This holiday season, children firing up new videogames will encounter one of the industry's most contentious moneymaking tactics in years: the "loot box," an in-game reward that is also for sale.
Like packs of baseball cards, loot boxes hold a random assortment of mostly generic though sometimes rare virtual goodies such as decorative weapons and souped-up skills. They are doled out to players who accomplish certain tasks, or they can be purchased with in-game virtual currency usually for the equivalent of $1 or $2 a pop.
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Critics say loot boxes give gamers with deep pockets an edge, particularly in multiplayer games. The more significant charge, though, comes from people who liken loot boxes to slot machines -- pay money, hope to win a valuable item, repeat.
Loot boxes are drawing greater scrutiny as they appear more frequently in games that often cost around $60. Many popular games feature them, including Activision Blizzard Inc.'s "Call of Duty: WWII" and "Destiny 2," Warner Bros. Interactive Inc.'s "Middle-Earth: Shadow of War," and Ubisoft Entertainment SA's "Assassin's Creed Origins."
A Hawaii state representative caused a stir last month when in a YouTube video he called loot boxes a trap that shouldn't be available to minors.
Loot boxes, which also go by names such as crates and supply drops, usually materialize when players complete tasks. Alternatively, players can go to digital storefronts and buy the boxes, which often look like digital treasure chests or gift-wrapped presents -- designs that evoke excitement over not knowing what is inside.
Players buy them with real money or in-game currency such as gold coins that can be obtained free as rewards or purchased from the in-game store via credit cards, gift cards and the like.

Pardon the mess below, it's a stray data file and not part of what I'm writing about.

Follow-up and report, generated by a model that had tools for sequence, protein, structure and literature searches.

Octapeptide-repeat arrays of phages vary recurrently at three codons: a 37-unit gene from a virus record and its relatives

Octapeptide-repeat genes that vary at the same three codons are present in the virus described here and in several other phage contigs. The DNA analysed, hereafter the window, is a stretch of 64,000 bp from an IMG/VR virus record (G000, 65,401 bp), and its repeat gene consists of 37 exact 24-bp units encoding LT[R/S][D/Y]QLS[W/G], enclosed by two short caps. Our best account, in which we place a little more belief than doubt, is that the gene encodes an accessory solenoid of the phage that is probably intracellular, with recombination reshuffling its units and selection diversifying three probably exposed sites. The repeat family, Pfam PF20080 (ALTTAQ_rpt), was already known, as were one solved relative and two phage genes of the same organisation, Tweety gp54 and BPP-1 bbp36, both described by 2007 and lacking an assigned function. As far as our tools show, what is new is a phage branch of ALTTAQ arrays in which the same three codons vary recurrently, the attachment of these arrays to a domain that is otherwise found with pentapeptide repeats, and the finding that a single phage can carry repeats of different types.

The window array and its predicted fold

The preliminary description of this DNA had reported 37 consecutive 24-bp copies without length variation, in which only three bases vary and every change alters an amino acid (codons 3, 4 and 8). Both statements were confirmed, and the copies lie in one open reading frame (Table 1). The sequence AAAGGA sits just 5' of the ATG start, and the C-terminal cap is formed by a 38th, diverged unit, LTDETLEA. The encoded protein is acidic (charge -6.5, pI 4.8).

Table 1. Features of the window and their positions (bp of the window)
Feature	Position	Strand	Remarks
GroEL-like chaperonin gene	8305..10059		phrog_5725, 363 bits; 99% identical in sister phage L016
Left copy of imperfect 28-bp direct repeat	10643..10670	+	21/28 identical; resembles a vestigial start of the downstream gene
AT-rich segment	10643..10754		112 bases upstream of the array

Wall Street has cheered the money generated from loot boxes, one part of a valuable strategy known as microtransactions. While there is no official tally of loot-box spending, microtransactions are expected to exceed $3 billion in global revenue in console games alone in 2018, according to Wedbush Securities analyst Michael Pachter. Console games are expected to generate $33.3 billion in revenue world-wide this year, up 3.7% from 2016, according to industry tracker Newzoo BV.
"These videogame models are this perfect price discrimination where the gamer decides how much to spend," Jefferies analyst Tim O'Shea said. "Some people opt for the first-class experience and others want to fly coach."
Most loot-box systems are governed by finely tuned algorithms that award rare items a certain percentage of the time. There typically is no guarantee a box will yield a rare item, and some items appear only for a limited time -- a way to tap into people's fear of missing out. Activision Blizzard's "Overwatch," for example, offers special boxes during themed events such as the current Winter Wonderland, which lasts nearly three weeks.
Loot-box critics say children often lack impulse control and don't understand the odds, making them susceptible to repeated buying in hopes of acquiring desirable items. Peer pressure can raise the stakes.
"Competition is a really powerful motivator for anyone, but especially adolescents," said Matthew Johnson, director of education at MediaSmarts, a Canadian nonprofit that develops literacy programs for families and schools. "They're very sensitive to their status within a social group."
He advises parents to look for PlayStation and Xbox controls that set limits on spending.
The Entertainment Software Association, a U.S. trade group, said in a statement loot boxes are a voluntarily feature in some videogames and aren't gambling.
Activision Blizzard and Warner Bros. declined to comment. A Ubisoft spokesman said loot-box transactions in "Assassin's Creed Origins" give players a way to advance quickly.
Loot boxes and other microtransactions have been around for years as a way to generate revenue in mobile and PC games that are free to play. While they only recently started gaining traction in console games, players are starting to push back. Last month, players panned Electronic Arts Inc. over concerns loot boxes would give big spenders an edge in the high-profile sequel "Star Wars Battlefront II."
Electronic Arts, under pressure from its licensing partner Walt Disney Co., removed the ability to buy the boxes on the eve of the game's launch. The company declined to comment but has said it eventually plans to add back that functionality after making changes.
(END) Dow Jones Newswires
December 14, 2017 10:14 ET (15:14 GMT)